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ARCHIVE:  February 1, 2002

Ayahuasca and MAO Inhibitors

Dear Dr. Shulgin:

There are two popular MAOI additives used in making Ayahuasca to promote the oral activity of Psychotria viridis. One is Banisteriopsis caapi (Yaje) and the other is Peganum harmala (Syrian Rue). I have had much success with the latter, but I am considering switching, having heard about the neurotoxic quality of Harmaline. Trusted friends claim that lethargy seems to be part of P. harmala's baggage (I have not found this to be so), and that B. caapi is more uplifting. Any opinions to share on health or spiritual value of either would be appreciated. Peace.

-- Cosmic Joke


Dear Dr. Shulgin:

There are a lot of references in literature on ayahuasca containing the MAOI harmine and harmaline. Is harman, a very widespread chemical in nature, expected to have the same effect?

-- RK


Dear Cosmic Joke and RK:

I have combined your two questions as both of them refer to the monoamine oxidase inhibitors (MAOI) that allow N,N-dimethyltryptamine (DMT) in Ayahuasca to become orally active. Ayahuasca is the accepted name for a South American decoction made up of two separate plant components. One of these contains the psychotropic drug DMT, which is quickly destroyed by natural protective enzymes in our body, and the other one contains compounds that effectively block these destructive enzymes. Either plant taken separately is inactive. Together they form a rather remarkable combination that is widely accepted as a medicine and as a spiritual guide.  

There are three structurally related compounds that are inevitably brought into any discussion of natural MAOI's dealing with the oral activity of Ayahuasca. These are the three related beta-carbolines. There is (1) the totally aromatic Harmine, (2) the partially reduced Harmaline, and (3) the totally reduced Tetrahydroharmine. Let me refer to these as simply 1, 2, or 3 in this discussion. It is generally accepted that both 1 and 2 are potent MAOI's that protect DMT from being destroyed, thus allowing it to release serotonin at receptor sites, and 3 contributes to this neuroactivity by the inhibiting the reuptake of serotonin that would effectively remove it from these receptor sites. The end results of these actions are the same, the increase of available serotonin, but the mechanisms for achieving them are different.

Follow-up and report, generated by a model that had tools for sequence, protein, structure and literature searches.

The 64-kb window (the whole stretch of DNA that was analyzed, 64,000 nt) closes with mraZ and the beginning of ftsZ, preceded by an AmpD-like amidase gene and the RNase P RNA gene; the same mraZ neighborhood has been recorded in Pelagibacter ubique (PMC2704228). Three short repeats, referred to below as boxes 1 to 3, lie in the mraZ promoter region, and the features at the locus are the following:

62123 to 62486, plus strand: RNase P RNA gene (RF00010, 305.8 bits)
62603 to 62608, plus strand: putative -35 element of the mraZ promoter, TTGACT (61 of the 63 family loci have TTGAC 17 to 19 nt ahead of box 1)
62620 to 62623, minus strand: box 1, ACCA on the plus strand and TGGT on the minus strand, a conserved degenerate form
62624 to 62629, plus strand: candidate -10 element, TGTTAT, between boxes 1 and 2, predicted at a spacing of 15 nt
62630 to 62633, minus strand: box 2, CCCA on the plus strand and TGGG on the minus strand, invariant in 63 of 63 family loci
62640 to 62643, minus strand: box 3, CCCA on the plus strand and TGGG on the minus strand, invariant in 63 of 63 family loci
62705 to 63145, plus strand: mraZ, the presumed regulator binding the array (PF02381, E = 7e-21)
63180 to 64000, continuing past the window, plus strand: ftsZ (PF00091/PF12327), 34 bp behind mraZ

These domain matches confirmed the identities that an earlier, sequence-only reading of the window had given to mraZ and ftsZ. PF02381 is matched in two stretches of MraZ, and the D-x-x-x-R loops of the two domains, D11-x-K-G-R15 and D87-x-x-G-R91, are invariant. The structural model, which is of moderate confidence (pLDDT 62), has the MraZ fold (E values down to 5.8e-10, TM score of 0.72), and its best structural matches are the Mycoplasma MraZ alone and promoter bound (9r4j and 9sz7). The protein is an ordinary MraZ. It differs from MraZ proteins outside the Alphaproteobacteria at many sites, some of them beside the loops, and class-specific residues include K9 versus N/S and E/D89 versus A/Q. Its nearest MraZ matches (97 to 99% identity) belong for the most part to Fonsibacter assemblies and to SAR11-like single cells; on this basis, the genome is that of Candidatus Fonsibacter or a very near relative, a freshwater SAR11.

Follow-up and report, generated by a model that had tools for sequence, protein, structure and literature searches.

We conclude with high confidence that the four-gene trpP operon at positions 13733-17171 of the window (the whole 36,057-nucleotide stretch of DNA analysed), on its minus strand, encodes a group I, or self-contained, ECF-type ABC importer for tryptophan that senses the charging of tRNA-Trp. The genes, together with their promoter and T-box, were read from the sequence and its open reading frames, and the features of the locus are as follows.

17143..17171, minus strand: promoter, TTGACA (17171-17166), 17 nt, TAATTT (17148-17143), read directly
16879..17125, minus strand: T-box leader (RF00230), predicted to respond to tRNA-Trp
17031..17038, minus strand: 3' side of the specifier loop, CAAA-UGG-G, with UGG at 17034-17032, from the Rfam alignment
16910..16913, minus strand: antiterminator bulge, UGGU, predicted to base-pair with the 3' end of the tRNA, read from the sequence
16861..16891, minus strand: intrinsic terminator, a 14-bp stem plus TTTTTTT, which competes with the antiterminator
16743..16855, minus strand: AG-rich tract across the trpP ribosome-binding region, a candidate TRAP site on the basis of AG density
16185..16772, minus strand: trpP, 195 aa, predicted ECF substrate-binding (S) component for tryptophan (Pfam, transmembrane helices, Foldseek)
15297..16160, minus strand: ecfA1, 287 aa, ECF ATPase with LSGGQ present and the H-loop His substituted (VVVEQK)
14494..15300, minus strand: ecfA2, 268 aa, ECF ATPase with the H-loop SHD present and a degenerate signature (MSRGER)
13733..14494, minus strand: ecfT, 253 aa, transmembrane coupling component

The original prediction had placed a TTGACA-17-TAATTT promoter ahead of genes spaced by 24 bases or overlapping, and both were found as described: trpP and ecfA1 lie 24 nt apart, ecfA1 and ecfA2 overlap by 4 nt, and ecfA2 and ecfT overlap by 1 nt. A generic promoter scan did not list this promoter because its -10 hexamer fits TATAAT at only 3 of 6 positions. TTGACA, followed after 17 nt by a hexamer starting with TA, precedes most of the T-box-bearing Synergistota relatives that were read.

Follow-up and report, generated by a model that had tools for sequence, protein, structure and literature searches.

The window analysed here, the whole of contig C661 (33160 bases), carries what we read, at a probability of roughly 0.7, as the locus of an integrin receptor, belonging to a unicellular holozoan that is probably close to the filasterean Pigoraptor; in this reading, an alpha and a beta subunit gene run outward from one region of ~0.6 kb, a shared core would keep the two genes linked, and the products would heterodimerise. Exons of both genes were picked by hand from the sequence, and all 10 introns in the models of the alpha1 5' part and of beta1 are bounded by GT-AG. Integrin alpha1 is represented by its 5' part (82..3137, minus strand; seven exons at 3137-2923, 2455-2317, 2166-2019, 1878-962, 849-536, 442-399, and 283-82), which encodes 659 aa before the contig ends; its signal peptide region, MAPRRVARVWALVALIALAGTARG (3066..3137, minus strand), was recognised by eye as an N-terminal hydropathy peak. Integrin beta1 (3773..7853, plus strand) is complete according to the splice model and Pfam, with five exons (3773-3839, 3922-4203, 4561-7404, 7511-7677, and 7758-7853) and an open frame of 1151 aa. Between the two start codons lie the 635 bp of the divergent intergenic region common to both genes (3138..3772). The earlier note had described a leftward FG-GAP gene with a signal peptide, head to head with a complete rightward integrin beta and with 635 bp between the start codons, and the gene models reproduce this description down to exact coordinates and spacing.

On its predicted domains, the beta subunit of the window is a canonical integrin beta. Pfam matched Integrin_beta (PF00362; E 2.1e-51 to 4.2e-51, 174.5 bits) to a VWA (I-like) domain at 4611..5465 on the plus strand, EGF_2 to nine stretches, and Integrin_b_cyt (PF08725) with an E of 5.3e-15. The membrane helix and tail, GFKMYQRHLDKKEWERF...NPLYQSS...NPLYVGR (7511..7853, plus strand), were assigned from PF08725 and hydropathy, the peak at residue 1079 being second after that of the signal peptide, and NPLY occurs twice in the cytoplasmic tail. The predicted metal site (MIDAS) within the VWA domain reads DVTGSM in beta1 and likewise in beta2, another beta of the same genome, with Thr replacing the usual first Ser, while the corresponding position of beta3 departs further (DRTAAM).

My limited personal experience with Ayahuasca has always been with materials that have used the Banisteriopsis recipe, and I have carefully saved and assayed small samples of every decoction I had used. In each case the beta-carboline components have been largely 1 and 3, with only a trace amount of 2 present. However I have analyzed the Peganum harmala alkaloid mixtures as well, and they have always shown largely 1 and 2, with little if any 3. This blush of superiority is clouded by the fact that there are two additional alkaloids that usually appear as gratuitous components in these latter samples, namely, Vasicine and Desoxyvasicine. I have no knowledge what these Syrian Rue quinazoline compounds might contribute, positively or negatively, to the Ayahuasca experience, but my gut feeling would be to avoid them until you know their pharmacological properties.

The second question relates to yet another beta-carboline alkaloid, Harman. This is a structural analogue of Harmine that has been stripped of its methoxyl group. It is widely found in plants and foods, and has been shown in experimental animals to be a vasodilator and a hypotensive agent. It also interacts directly with DNA and is thus a possible mutagenic agent. But these findings are in animal studies at levels much greater than those found in fried fish and cigarette smoke. As a natural component in our environment, this all can be ignored. And I know of no reports of an MAOI effectiveness of Harman that would justify exploring it as an Ayahuasca component.

-- Dr. Shulgin

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